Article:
Aging Well: Older adults are vital to ‘vital congregations’

Missy Buchanan

Missy Buchanan

I’d like to be a fly on the wall of the Tampa Convention Center during the United Methodist Church’s General Conference which begins April 24. If I could, I would make myself practically invisible and just listen to the 900-plus folks who will gather to consider modifications in church law, policy and resolutions.

No doubt there will be passionate discussions about the need to make radical changes if the denomination is to survive and thrive in the future. There will be talk about restructuring UMC agencies and job guarantees for ordained ministers. I imagine there will also be lively debate about gender issues, how to breathe life into declining membership and how best to engage young people.

These are critical topics that must be respectfully discussed in an orderly manner. But I am also intrigued by what will be said in the hallways during breaks and around dining tables. What will delegates be chitchatting about? Will anyone be talking about the silver tsunami that is about to engulf the church?

Now, don’t misunderstand. I am not dismissing the importance of the agenda topics. However, I’d also like to hear what church leaders have to say about our aging population and not just as it relates to dying congregations. Are they concerned about what the church is doing to help older adults and their families deal with the real-life challenges of growing old in a culture that values youth more than age? Or do they think they have more important fish to fry, so to speak?

During the months leading up to General Conference, the term “vital congregation” has become a popular buzzword. I, too, am interested in church vitality, but I am curious about what that means for older adults. It seems to me that one sign of a church’s overall health and vitality should be its effectiveness in helping older adults, from active to frail, lean forward into life. And so I wonder, as a worldwide church, are we engaging older adults at every life stage? Are we helping them to find new ways to minister to and serve others even as they face increasing physical limitations? What are we doing for those who have lost a sense of purpose?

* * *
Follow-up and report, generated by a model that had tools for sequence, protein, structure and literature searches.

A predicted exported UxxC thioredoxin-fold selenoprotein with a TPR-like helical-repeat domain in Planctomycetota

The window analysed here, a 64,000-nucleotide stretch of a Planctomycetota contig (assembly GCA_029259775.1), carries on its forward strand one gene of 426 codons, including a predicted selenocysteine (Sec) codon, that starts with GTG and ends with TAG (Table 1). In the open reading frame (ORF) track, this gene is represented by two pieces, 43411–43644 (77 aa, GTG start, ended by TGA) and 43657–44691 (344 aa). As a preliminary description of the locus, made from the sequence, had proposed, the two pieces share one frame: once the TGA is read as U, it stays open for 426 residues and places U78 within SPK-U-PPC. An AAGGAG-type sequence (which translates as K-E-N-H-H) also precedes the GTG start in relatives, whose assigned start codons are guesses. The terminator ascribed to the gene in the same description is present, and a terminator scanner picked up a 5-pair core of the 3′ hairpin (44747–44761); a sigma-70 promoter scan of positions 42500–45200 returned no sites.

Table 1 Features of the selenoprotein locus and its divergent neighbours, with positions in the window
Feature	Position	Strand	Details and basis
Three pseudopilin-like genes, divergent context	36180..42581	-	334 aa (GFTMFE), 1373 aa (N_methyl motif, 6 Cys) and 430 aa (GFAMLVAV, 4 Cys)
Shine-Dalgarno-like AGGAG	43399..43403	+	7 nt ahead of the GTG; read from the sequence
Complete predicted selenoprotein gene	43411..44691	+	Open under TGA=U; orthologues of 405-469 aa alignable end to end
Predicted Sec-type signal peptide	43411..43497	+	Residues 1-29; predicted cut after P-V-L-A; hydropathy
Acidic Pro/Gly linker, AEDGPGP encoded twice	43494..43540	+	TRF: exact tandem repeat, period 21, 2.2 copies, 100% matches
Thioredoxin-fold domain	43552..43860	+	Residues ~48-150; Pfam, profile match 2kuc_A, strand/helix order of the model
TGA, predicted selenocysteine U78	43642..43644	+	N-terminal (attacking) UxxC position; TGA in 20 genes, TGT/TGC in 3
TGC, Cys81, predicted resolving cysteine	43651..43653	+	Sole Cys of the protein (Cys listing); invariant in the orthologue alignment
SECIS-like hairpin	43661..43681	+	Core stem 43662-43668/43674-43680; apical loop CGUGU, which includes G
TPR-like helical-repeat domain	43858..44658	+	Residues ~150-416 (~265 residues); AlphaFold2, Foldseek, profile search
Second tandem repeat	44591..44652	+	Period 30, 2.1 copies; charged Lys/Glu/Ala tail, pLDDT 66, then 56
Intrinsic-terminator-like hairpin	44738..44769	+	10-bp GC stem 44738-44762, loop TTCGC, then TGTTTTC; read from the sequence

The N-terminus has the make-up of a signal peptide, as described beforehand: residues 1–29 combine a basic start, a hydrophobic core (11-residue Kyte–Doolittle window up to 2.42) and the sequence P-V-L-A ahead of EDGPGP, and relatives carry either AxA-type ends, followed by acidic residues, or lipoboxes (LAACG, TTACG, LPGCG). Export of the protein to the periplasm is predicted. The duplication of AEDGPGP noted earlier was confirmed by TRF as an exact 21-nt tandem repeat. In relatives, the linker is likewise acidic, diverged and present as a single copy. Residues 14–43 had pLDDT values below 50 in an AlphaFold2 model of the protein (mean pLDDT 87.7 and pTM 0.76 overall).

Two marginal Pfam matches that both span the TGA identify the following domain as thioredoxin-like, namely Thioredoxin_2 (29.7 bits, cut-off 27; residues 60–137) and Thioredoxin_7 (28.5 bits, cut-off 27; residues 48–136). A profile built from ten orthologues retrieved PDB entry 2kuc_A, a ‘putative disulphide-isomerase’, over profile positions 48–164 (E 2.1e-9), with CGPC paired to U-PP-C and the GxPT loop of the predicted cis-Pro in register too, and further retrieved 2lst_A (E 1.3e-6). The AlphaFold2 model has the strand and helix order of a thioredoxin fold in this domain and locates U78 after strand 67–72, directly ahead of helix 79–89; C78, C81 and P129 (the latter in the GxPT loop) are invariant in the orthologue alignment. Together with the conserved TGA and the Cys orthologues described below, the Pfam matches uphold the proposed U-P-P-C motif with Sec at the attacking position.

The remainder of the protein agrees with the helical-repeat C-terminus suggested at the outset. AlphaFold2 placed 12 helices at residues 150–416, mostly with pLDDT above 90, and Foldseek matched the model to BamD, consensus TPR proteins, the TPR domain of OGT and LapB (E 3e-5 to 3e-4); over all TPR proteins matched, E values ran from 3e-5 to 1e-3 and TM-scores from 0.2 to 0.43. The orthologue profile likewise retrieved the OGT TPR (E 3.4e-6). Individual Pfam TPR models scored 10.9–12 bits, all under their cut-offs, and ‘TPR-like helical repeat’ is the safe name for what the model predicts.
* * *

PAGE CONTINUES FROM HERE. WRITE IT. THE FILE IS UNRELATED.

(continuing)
What are we doing for those who have lost a sense of purpose?

Regrettably, I have come to discover that many church leaders think of older adults as a drain on the vitality of a congregation. When they hear the term “older adult,” they instantly think of cranky elders in their congregation who are stuck in the past and refuse to embrace change in the church.

However, if the church is to be vital, we must get past that negative stereotype. As Dr. Richard Gentzler, director of the Center on Aging and Older Adult Ministries for the United Methodist Church, writes in the Spring issue of Center Sage, “Vital congregations will find creative ways of engaging, equipping, and empowering a growing older population.”

It’s important that we not dismiss the aging population. After all, they are not dead yet. Along with the church’s efforts to streamline bureaucracy and embrace change that will draw and keep younger members, what will we do to equip older adults to continue growing as Christians? How will we provide spiritual care to those who are growing frail? What can we do to help their families?

The Rev. Mike Slaughter, lead pastor of Ginghamsburg Church, a United Methodist congregation in Tipp City, Ohio, asked a most important question in a recent Twitter post: “What are we doing to reflect God’s heart?” I pray that church leaders attending General Conference 2012 will wrestle with this question as it relates to an aging population. I hope they will talk about it during break time and over dinner. I hope they will remember that many of us will be listening.


Endgraf: Ms. Buchanan, a member of FUMC Rockwall, Texas, is the author of several books, including Aging Faithfully: 28 Days of Prayer (Upper Room Books). Reach her at:

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